Some power users utilise their phone’s camera as a document scanner. The combination of the above two factors make this impossible with EDoF. It is, however, a niche case usage. (And for the record, I’m a member of that niche).

However, EDoF has the advantage of speed, since it doesn’t need to mechanically focus. As we’ve recently shown, EDoF can produce pleasing results, in the right conditions.

Here are two comparisons of the cameras. The first pair demonstrates the macro abilities of both.. The second pair is taken indoors with artificial lighting, and demonstrates the difference in depth of field. The E6 has an 8 megapixel camera, and the E72 is 5 megapixels, all shots have been cropped and scaled to show the same content.

Macro comparison


E72 close up


E6 close up

Depth of field comparison


E72 depth of field


E6 depth of field


The E6 performs general tasks faster than the E72. Particularly so with web browsing, benefiting from the latest version of Symbian Web. Video playback also benefits with Symbian^3’s extensive codec support. The 'cover flow' style Music application is also in the E6, so you can skim through your album covers.

In terms of storing content, the E6 caters well. There is a microSDHC slot, complemented by an 8GB internal storage drive. Clearly an improvement over the E72, which only has a memory card slot.


The E6’s memory card slot is found on the top of the device

Given that the E6 sports the hero BP–4L battery, I had high hopes. The E72 could go for several days without needing a charge, and Symbian^3 was supposed to be more power efficient than S60 3rd or 5th Editions. However, the E6 consistently ran through its battery faster than its predecessor. From my testing, I can report that it will get you through a day, with some power to spare. Hence, it’s not so bad, but not as good!


The BP–4L making a rare appearance in a Symbian^3 device!


The obvious question to ask at this point, is whether the E6 is a worthy upgrade to the E72? Looking at everything as objectively as I can, I have to say yes it is, but with a list of caveats.

The E72 is an old device, in terms of contract length; and its UI reflects this too. If you are dead set on sticking to the Blackberry style form factor, then your only alternatives are the few candy bar QWERTY Android devices, or a Blackberry. Android will likely disappoint, because it was not designed for this form factor and its battery life is generally poor. You could go with Blackberry, but by sticking with Symbian, your app store purchases will carry across to the E6.

N.B. Some applications have compatibility problems with the E6’s VGA display.

For those looking to upgrade from an E71, E72, E63, etc., take into account that Symbian^3 inherited the best aspects of the Eseries devices. Hence, you will likely find familiar touches in any of the current devices, not just the E6.

The E6 is a unique form factor in the Symbian^3 range. If you want a physical QWERTY keyboard that can be operated with one hand, even the E7–00 won’t help you. Conversely, if single handed use isn’t that important, and you want something on which you can watch videos and have a physical keyboard, then the E7 is probably a better device for you.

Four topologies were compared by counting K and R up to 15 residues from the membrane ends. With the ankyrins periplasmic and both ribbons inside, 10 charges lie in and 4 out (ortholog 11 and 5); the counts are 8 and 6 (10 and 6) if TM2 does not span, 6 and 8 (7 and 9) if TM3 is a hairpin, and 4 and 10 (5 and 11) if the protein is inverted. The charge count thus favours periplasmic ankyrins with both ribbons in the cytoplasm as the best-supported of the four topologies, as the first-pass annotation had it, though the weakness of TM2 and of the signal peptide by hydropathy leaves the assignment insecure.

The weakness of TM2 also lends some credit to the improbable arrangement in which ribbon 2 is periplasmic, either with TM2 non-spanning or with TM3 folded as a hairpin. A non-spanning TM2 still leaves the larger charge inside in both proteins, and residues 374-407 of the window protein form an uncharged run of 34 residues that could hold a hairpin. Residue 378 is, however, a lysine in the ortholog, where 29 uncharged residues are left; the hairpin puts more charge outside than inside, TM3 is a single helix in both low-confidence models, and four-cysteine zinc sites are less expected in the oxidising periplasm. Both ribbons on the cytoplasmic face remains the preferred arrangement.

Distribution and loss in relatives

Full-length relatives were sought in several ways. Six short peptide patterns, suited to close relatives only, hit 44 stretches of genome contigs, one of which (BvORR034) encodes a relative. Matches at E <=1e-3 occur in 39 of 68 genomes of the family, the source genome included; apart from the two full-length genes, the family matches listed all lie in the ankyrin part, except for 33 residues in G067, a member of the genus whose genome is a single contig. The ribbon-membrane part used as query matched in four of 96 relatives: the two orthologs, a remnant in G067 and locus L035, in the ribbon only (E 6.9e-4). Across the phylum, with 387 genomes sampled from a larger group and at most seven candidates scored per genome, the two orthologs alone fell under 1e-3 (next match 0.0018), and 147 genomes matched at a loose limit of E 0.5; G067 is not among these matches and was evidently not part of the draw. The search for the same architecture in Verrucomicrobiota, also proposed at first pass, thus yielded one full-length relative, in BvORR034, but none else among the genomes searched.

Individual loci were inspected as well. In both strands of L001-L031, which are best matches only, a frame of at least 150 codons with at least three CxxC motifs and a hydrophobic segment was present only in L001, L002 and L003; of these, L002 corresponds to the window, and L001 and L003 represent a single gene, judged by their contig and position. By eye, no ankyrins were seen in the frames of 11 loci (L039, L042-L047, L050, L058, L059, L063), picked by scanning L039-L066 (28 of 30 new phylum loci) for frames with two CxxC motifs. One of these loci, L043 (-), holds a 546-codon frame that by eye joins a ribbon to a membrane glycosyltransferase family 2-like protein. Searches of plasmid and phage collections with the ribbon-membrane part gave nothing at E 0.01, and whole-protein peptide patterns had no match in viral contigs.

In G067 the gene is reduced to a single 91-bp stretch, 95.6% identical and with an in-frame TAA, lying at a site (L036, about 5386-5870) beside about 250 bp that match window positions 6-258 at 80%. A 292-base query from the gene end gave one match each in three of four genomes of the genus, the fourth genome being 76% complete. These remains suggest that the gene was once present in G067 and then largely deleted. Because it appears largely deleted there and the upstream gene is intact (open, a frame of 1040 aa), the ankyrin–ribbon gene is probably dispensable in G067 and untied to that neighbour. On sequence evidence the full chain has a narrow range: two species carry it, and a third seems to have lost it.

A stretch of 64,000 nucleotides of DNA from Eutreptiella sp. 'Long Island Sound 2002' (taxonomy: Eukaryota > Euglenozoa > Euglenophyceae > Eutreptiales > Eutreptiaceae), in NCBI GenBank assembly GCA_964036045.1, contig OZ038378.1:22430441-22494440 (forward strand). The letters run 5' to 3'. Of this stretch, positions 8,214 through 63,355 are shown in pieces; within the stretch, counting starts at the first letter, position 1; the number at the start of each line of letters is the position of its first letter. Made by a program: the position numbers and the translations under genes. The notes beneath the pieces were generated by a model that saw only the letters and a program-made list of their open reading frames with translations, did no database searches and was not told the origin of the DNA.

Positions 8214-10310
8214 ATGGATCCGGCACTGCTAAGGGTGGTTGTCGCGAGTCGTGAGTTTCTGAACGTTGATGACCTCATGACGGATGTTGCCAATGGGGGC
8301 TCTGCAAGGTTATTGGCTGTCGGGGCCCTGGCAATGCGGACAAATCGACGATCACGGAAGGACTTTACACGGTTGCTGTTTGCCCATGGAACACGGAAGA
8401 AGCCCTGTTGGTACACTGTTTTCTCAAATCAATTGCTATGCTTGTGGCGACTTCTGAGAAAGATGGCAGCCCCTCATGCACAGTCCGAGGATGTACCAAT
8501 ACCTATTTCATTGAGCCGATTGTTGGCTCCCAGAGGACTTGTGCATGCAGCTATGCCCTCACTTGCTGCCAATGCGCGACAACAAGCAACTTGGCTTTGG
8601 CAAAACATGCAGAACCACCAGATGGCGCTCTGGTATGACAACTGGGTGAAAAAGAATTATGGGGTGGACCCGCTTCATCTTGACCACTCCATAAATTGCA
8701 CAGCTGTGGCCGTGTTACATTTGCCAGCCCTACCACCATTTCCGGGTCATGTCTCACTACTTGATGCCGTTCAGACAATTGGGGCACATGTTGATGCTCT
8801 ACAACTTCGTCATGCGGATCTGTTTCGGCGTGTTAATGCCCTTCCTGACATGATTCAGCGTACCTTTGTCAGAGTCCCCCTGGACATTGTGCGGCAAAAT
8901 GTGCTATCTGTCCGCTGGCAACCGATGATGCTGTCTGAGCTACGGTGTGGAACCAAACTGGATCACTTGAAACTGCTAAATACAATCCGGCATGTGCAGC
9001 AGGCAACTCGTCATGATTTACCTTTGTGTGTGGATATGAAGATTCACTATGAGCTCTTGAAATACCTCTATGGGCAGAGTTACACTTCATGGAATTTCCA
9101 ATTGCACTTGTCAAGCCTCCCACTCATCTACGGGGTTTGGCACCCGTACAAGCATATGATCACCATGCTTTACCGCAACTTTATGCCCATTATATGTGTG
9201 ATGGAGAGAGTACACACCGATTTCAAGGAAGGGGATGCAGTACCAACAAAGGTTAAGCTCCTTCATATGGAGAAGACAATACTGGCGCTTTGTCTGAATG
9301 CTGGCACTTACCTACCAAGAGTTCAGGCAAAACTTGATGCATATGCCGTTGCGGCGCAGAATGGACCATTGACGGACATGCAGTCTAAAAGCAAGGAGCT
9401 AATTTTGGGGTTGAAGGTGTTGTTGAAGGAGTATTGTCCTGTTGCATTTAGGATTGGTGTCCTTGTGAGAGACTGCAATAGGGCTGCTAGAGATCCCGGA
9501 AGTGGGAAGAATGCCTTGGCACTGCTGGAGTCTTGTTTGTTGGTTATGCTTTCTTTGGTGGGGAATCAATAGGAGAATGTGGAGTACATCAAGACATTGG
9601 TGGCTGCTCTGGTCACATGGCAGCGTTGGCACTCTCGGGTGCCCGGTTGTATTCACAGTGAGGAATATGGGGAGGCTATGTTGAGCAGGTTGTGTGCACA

While I found the materials and shape of the E6 to be somewhat slippery*, the overall design is an improvement over previous devices. That is all thanks to the new application keys, call buttons, and D-pad. I felt much more engaged with them, than when I returned to the E72.

*N.B. You can improve the ‘grippyness’ of the E6 by adding a cheap gel casing. Brand new “Mesh Cases” can be found on eBay for as little as £1.50.

Having used large touchscreen phones all year, I admit that I found the 2.46" screen of the E6 rather constraining. Even though it has full VGA resolution, that advantage is somewhat lost due to readability and touch issues. However, even though the small size and high resolution can sometimes cancel each other out, the resolution does count as an improvement over QVGA devices. Text looks smoother, rather than the single pixel width fonts used on the E72.

In terms of text input, Symbian Anna is now at the stage where I feel that typing on a touchscreen is actually faster than using the E6 keyboard, but a physical keyboard is always more accurate. Of course, your mileage may vary depending on your hand-eye coordination.

Another factor in purchasing the E6 could come down to the camera. If you want a Symbian^3 device, but EDoF cannot service your needs, then the N8 is your only option. The constrained screen size and EDoF camera were enough to make me decide this would not be my main device. Furthermore, I didn’t think its battery life was sufficiently better than the N8’s, to warrant those downsides.

To take a different slant on all of this; what about choosing between a second hand E72 or E6 on eBay? The E72 is currently selling in auction for between £70 and £150, while the E6 is going for between £150 to £200. Also, consider that the E6 probably has a lot more firmware updates to come than the E72 does. Therefore, the E6 would probably be the wiser purchase.

However, if you are on a tight budget, the E72 can still serve you well. Remember that it has substantial battery life, a fantastic camera, and free Sat-Nav with Ovi Maps, and you can follow Steve’s 'Pimping the E72' guide to bring your apps up to a 2011 standard.

There we have it. In balance, the E6 is an improvement over the E72, and unless you have specific battery or camera needs, then it is a worthwhile upgrade from previous candybar QWERTY phones. However, if you’re used to large touchscreens, it could take some getting used to.


The Nokia E6–00

Related reading

Nokia E6 Gallery
Nokia E6 Review, Part 1 - Hardware
Nokia E6 Review, Part 2 - Software
Nokia E6 Review, Part 3 - Enterprise Credentials

David Gilson, 13 November 2011